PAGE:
Start working on shading simple shapes like cones, cubes, cylinders, and spheres. These shapes are the building blocks of every other shape you’ll need to shade. Charcoal and graphite are the easiest media to work with if you’re trying to get a smooth blended finish.
Pens, markers, and ink are best shaded with a form of hatching.
When using this technique to draw skin with fine wrinkles, use a sharp tip. For smooth skin, angle your pencil more so you get slightly blunt circles which are much easier to blend, giving the skin a softer appearance.
The more textured the paper, the more white dots you will get across your drawing. This can make your drawing look very grainy.
How to Shade a Face How to Shade an Eyeball …will add more soon! Understanding Pencil Grades
For example: If I’m shading a face using the circulism method, I will also use circulism to outline shadows and highlights on the face. If you don’t outline your shadows or highlights, then this method may not apply to you (It’s very effective for drawing hairlines though).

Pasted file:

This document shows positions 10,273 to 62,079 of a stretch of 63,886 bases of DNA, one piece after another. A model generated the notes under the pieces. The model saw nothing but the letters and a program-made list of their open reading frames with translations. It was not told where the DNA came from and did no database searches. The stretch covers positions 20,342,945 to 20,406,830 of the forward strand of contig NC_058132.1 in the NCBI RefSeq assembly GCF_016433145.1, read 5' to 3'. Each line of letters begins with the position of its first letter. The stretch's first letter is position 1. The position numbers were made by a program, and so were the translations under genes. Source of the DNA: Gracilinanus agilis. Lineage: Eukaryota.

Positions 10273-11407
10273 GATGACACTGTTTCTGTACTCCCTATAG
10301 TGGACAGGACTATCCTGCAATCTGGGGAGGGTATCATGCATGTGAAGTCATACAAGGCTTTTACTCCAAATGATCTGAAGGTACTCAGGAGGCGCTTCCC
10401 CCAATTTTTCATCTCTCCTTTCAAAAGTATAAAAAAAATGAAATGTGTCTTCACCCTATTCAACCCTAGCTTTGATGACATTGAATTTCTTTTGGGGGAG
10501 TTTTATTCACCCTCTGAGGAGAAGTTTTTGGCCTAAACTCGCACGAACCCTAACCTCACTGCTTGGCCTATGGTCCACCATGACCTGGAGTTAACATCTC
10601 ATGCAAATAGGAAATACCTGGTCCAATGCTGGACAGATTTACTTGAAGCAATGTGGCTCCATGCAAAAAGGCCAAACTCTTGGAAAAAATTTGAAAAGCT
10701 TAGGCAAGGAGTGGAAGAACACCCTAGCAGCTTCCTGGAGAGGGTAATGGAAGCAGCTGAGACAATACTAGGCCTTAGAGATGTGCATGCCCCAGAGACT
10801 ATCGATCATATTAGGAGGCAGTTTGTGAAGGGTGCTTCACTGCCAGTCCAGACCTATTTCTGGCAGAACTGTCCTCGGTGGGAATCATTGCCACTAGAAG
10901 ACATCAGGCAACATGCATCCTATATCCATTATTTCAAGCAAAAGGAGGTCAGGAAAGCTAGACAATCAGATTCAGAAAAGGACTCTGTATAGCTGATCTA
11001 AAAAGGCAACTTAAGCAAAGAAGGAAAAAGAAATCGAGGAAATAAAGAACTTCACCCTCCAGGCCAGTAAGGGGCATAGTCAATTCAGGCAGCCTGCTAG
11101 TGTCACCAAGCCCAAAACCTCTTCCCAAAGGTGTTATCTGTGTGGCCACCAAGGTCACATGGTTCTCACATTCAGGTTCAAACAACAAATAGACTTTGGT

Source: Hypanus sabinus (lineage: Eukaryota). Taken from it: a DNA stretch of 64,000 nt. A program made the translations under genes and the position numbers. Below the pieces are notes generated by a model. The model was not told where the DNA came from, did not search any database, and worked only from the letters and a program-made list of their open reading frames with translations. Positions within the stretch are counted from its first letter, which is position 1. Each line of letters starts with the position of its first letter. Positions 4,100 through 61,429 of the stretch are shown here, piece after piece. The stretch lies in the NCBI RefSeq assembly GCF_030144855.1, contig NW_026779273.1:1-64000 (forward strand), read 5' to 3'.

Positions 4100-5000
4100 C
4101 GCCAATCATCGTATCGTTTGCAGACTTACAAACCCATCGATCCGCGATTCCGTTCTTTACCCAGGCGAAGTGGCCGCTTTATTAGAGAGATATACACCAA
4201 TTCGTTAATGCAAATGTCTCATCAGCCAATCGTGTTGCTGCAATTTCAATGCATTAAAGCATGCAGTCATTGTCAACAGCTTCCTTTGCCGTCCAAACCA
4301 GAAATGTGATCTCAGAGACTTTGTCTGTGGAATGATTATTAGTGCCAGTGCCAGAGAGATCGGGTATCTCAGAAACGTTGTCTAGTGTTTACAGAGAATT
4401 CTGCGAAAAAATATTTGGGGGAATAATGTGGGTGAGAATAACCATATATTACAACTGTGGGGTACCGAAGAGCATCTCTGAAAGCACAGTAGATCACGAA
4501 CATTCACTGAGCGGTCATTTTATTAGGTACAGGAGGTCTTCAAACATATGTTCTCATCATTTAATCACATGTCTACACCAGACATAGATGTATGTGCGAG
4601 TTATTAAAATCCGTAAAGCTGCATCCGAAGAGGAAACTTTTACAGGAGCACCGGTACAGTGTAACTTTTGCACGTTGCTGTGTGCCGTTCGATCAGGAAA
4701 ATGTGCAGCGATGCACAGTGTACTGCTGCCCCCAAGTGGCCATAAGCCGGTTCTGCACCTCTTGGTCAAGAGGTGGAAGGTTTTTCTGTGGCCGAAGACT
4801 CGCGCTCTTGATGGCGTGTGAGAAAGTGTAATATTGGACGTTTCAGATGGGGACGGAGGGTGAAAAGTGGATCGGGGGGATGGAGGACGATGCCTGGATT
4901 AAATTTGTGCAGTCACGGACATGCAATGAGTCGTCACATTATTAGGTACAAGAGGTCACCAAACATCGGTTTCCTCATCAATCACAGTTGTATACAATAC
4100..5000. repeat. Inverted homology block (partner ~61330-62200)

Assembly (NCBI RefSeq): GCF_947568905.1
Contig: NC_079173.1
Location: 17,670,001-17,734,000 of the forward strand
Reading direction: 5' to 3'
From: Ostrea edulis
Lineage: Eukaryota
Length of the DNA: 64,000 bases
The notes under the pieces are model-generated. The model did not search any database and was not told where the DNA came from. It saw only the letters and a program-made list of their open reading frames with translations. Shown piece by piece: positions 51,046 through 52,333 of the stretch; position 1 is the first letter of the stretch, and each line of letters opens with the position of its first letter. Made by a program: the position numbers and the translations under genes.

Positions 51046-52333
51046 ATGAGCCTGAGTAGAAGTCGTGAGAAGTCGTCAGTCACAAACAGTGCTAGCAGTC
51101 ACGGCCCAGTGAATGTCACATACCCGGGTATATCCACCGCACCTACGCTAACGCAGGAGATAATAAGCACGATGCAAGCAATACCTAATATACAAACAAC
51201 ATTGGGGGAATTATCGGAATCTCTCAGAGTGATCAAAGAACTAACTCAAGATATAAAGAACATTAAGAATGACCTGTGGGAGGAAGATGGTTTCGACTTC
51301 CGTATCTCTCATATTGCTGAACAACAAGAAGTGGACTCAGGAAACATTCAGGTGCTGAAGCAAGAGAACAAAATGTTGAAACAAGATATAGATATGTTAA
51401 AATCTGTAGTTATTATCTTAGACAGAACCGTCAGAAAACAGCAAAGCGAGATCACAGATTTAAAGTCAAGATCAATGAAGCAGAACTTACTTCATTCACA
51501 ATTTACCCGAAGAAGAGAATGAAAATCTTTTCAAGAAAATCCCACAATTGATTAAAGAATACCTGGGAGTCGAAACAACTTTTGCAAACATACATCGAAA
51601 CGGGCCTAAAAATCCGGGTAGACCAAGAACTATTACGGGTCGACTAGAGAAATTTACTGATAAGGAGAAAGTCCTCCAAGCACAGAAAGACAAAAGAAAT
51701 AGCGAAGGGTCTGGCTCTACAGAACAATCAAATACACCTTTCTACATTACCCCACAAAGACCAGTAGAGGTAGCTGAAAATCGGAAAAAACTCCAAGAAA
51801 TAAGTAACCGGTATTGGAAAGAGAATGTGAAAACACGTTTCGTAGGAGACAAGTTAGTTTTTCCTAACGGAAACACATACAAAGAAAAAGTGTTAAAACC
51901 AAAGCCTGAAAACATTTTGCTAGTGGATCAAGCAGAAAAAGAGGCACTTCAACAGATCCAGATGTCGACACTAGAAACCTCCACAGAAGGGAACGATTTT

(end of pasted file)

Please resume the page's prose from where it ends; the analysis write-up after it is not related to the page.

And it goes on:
Sometimes, we may have the tendency to over represent or exaggerate subtle forms such as eye bags, pimples and smile lines. Instead of defining a form using an outline or line, practice representing these forms using gradients.
When shading, you are essentially reproducing the value of light as it interacts with a form. Understanding light is crucial in order to create a convincing portrait.
The cross hatching technique consists of overlapping lines coming from multiple directions.
HB: Preliminary outlines, some highlights, first layer of shading, eye-whites.
When using this technique, always angle your pencil more towards the paper so your strokes are nice and thick. This allows you to minimize gaps, making it easier to blend.
3c.) Select 3 very different faces from a magazine and draw vertical and horizontal contour lines across each face.
1.f) Layering: Use an HB pencil to shade an even layer of graphite across the page. Split the area into 4 spaces labeling them 3, 2 and 1. Add a darker layer of graphite over your first layer from left to right and ease up on the pressure as you approach 1. Do the same thing except this time stopping at 2. Then the same thing for 3.